And it's embarrassing. It's embarrassing. You don't have to be Jewish to call this out. You don't have to be a part of the ADL to call this out. Every single person should call this out and say it's wrong.
Of course, you know, Kanye also did the White Lives Matter stunt and offended much of African-Americans, so obviously he needs help, but it doesn't matter at a certain point. It is about saying there is a standard that we're going to have here and we're not going to put any -- you're not going to have white Alabama senators saying all Black people are criminals who want reparations on the cheap and nobody says anything.
You're not going to have African-American celebrities coming out here and attacking Jewish people, nobody says anything. You're not going to have, you know, Latinas -- you know, here in Los Angeles, the Biden and the Black community like it's -- all that stuff is just wrong.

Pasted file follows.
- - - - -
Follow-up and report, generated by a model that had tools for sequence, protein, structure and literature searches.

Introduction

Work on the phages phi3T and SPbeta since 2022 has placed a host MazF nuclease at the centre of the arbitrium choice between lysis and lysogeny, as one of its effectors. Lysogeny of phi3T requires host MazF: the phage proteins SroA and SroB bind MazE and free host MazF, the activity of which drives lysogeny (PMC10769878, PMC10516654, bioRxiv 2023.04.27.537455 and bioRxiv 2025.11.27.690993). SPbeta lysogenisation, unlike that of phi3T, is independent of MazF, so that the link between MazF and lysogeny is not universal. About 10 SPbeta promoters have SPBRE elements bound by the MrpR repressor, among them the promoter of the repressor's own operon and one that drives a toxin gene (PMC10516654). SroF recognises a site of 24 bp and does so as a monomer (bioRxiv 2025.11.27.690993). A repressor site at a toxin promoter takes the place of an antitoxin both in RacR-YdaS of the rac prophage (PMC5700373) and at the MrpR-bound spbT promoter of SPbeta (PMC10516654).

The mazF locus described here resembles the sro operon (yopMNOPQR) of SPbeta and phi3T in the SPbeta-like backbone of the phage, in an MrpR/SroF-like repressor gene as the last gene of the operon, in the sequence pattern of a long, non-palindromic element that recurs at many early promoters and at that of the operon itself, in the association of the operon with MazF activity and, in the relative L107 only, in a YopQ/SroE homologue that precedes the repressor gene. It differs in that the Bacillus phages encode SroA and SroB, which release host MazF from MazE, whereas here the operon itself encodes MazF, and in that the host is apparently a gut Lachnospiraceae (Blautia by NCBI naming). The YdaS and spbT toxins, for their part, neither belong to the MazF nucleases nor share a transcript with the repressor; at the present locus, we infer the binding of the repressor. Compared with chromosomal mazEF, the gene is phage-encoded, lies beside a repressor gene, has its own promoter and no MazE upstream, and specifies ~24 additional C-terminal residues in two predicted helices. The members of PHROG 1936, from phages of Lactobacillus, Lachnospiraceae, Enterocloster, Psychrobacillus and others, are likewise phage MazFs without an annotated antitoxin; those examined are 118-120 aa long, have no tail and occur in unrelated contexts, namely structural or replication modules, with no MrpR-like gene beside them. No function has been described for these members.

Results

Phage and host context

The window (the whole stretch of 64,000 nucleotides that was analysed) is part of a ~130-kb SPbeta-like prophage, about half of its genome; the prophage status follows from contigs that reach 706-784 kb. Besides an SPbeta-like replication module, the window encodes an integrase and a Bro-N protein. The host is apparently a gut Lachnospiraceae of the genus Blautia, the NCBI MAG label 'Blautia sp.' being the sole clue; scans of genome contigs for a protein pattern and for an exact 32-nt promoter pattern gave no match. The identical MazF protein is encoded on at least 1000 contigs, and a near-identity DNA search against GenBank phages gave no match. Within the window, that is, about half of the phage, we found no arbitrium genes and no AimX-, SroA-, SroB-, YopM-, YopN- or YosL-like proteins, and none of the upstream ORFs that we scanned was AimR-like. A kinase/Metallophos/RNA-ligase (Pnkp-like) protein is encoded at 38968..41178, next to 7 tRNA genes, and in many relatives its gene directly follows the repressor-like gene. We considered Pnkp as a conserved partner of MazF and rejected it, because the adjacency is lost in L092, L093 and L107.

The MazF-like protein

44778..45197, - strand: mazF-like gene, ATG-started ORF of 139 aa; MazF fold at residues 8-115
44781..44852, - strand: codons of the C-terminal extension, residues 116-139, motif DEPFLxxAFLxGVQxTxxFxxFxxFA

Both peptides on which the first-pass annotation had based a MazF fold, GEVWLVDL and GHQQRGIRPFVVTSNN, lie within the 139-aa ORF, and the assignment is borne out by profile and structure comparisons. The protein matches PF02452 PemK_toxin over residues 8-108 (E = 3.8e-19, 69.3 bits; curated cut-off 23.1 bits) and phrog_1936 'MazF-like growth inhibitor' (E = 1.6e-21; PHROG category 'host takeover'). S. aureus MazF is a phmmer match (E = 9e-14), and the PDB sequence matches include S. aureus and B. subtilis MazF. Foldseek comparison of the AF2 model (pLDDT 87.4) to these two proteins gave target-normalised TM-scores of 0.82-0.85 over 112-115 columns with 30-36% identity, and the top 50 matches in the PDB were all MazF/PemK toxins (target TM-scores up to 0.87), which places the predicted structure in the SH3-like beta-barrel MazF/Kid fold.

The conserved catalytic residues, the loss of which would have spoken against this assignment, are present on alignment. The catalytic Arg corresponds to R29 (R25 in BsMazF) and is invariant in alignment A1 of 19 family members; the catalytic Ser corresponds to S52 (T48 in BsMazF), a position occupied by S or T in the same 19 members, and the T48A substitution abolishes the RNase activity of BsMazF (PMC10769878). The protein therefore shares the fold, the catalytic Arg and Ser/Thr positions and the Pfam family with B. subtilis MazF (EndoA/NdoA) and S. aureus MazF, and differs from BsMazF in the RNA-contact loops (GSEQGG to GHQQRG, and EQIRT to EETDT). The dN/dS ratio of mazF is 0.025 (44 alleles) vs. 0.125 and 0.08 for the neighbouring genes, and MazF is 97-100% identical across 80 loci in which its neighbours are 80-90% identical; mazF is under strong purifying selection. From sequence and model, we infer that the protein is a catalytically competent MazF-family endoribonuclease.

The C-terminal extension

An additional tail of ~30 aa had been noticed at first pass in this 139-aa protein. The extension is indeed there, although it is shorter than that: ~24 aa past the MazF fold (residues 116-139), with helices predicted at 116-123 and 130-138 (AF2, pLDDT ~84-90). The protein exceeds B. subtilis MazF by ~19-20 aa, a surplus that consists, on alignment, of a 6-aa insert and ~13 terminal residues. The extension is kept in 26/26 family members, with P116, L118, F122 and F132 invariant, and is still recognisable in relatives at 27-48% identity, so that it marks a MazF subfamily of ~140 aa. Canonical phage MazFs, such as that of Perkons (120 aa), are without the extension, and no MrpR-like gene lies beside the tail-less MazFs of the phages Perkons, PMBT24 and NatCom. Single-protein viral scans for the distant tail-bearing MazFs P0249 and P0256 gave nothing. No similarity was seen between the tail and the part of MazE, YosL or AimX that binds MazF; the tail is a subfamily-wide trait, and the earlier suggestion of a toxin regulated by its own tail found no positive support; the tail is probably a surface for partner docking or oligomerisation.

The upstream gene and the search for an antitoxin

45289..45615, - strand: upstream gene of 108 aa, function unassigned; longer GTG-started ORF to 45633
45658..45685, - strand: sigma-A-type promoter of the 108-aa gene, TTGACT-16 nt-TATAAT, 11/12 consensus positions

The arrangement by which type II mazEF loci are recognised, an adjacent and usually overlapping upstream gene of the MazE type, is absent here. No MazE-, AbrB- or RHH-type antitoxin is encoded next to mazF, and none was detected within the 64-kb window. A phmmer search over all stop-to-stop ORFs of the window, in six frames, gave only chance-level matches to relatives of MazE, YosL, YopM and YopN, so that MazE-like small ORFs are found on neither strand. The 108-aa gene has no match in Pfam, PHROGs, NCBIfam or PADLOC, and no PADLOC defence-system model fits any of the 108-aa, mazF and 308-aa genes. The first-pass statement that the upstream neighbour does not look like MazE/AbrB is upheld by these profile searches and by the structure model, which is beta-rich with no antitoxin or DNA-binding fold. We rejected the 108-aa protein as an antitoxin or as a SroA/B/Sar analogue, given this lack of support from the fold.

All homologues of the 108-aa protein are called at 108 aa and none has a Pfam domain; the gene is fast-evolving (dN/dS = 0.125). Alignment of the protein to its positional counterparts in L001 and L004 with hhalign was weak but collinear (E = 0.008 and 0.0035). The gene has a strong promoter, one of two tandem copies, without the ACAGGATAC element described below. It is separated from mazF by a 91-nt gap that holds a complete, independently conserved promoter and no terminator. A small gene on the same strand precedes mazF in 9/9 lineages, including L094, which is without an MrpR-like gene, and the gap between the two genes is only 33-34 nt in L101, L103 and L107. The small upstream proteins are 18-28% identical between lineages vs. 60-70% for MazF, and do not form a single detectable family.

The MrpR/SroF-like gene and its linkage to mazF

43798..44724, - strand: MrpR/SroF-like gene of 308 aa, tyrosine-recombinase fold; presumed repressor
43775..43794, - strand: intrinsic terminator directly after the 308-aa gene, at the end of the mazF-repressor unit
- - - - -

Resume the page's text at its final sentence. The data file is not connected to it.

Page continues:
COOPER: Yes. I mean, it shouldn't be up to Jewish people to have to speak out about that. I mean, everyone should. This is --
GREENBLATT: Of course not. Anti-Black racism isn't just Van's problem as a Black man, it's my problems a White Jewish person, just like antisemitism isn't just my problem, it is Van's problem, too, as a Black Christian man.
I mean, the reality is, we're all in this together. As he said, we've all got to speak out. We've all got to stand up and say this isn't acceptable.
And I will say one other thing. Social media is a big part of the problem, Anderson, and I'm someone who has been cautiously optimistic about what Elon Musk could possibly do, but when he "welcomes back," Kanye West after he got kicked off Instagram for hate and incitement, what message does that send? What is he trying to suggest he's going to do with the company?
Look, I think what we're seeing today is our society is afflicted with a sickness. It's a sickness of hate. You see it in all three of these threads. That's where they come together. And as Van said, we've got a join and lock arms if we want to push back on this prejudice once and for all.
COOPER: Jonathan Greenblatt, I appreciate it. Van Jones, as well. Thank you.